The next of Levi Ames' sons to require notice is John Ames (1784-1867), who seems to have been the most financially astute of his generation and in 1838 retired from business in Bristol to a house near Lyme Regis which he rebuilt and called Clevelands, although it has since reverted to its former name of Pinhay House. He left a vast fortune of around £500,000 which was divided among his nieces and nephews, as he was unmarried and childless. His nephew, Edward Levi Ames (1832-92) also inherited Clevelands, but although he left children it was sold after his death to the Allhusen family.
The youngest of Levi Ames' sons was George Henry Ames (1786-1873), who bought the very pretty Gothick Cote House near Bristol in about 1825. He had a large family. His eldest son married the daughter of a German count and predeceased him; his second son made money in the Indian civil service and built a country house at Remenham in Berkshire; his third son inherited Clevelands from his uncle in 1867, and so it was his fourth son, Henry St. Vincent Ames (1833-1901), who inherited Cote House. Henry, who had spent an adventurous youth working as a photographer in Canada, was married but died childless, so Cote House passed to his widow (d. 1917) and was later sold and tragically demolished.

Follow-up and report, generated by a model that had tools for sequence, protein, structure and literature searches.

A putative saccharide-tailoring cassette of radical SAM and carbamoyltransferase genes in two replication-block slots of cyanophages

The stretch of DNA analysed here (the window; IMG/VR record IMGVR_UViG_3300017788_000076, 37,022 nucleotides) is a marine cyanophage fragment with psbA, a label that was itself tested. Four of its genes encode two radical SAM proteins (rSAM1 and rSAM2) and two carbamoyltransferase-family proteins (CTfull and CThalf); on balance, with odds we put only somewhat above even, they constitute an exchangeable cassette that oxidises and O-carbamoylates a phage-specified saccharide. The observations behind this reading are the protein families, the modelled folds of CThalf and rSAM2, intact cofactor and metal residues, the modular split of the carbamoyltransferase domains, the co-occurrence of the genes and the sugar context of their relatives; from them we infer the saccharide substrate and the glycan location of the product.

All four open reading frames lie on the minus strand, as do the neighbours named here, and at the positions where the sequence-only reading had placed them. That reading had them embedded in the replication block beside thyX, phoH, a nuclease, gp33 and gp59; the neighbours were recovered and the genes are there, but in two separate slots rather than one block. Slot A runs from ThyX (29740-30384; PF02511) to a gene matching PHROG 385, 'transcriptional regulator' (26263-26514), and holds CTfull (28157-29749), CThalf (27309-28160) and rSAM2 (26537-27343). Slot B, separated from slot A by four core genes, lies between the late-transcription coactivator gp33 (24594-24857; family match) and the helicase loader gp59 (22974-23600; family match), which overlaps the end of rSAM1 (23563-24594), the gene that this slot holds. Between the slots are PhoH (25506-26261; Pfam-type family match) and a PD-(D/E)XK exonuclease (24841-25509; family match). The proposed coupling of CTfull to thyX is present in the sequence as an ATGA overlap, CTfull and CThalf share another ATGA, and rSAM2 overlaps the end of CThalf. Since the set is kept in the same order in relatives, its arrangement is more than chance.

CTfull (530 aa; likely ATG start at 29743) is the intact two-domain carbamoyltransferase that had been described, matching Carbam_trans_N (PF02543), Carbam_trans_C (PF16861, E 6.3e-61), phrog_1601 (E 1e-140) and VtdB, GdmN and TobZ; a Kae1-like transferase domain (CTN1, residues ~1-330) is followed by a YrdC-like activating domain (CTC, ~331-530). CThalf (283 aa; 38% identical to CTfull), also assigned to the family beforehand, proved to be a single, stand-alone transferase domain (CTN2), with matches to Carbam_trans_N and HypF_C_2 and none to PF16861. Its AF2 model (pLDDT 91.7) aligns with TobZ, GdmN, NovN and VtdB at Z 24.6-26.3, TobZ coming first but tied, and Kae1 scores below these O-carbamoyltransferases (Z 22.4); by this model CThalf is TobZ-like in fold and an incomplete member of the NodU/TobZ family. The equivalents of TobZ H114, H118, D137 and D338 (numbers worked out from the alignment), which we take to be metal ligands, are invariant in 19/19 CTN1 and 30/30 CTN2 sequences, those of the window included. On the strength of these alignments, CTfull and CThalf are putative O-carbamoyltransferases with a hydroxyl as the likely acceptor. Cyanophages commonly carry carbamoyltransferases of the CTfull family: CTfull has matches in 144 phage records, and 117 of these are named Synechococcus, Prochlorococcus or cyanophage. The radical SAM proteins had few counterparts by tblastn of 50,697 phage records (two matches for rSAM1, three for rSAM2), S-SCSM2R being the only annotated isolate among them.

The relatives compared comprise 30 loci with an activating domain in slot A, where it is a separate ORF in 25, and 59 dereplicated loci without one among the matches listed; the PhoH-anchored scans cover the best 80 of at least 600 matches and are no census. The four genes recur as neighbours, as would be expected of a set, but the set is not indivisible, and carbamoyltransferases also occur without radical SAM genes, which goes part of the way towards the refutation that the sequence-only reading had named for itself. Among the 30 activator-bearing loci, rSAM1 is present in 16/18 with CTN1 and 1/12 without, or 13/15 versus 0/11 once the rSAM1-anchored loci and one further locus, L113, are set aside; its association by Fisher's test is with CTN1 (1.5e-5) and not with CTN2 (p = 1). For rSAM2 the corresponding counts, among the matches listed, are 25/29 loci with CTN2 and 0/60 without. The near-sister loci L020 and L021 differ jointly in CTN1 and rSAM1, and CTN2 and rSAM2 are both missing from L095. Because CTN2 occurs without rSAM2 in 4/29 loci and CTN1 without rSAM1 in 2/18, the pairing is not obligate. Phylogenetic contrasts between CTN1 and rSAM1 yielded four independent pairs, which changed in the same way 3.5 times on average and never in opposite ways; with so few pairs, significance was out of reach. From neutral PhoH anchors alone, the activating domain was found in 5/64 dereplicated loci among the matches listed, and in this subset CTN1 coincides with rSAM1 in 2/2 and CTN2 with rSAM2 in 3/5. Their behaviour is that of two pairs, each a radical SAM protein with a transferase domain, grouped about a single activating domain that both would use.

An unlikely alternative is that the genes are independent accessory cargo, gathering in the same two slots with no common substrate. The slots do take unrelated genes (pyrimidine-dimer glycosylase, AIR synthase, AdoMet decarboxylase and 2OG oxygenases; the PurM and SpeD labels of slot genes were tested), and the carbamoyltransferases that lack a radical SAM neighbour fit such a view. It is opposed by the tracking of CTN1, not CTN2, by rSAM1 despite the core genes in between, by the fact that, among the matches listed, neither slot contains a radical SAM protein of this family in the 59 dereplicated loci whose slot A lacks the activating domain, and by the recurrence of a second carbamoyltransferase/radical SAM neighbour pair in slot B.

Thus a family whose wealth was astronomical in the 19th century have left no permanent legacy of country house ownership. Charlton House was bought in 1668 and sold in 1804; Ayot House was inherited in 1806 and sold in 1912; Cote House was bought in 1825 and sold in 1922; The Hyde was bought in 1835 and sold in 1920; Clevelands was bought in 1838 and sold in 1892; Linden Hall was bought in 1861 and sold in 1904 and Ghyllheugh was built in 1900-03 and sold in the late 1950s.
Charlton House, Shepton Mallet, Somerset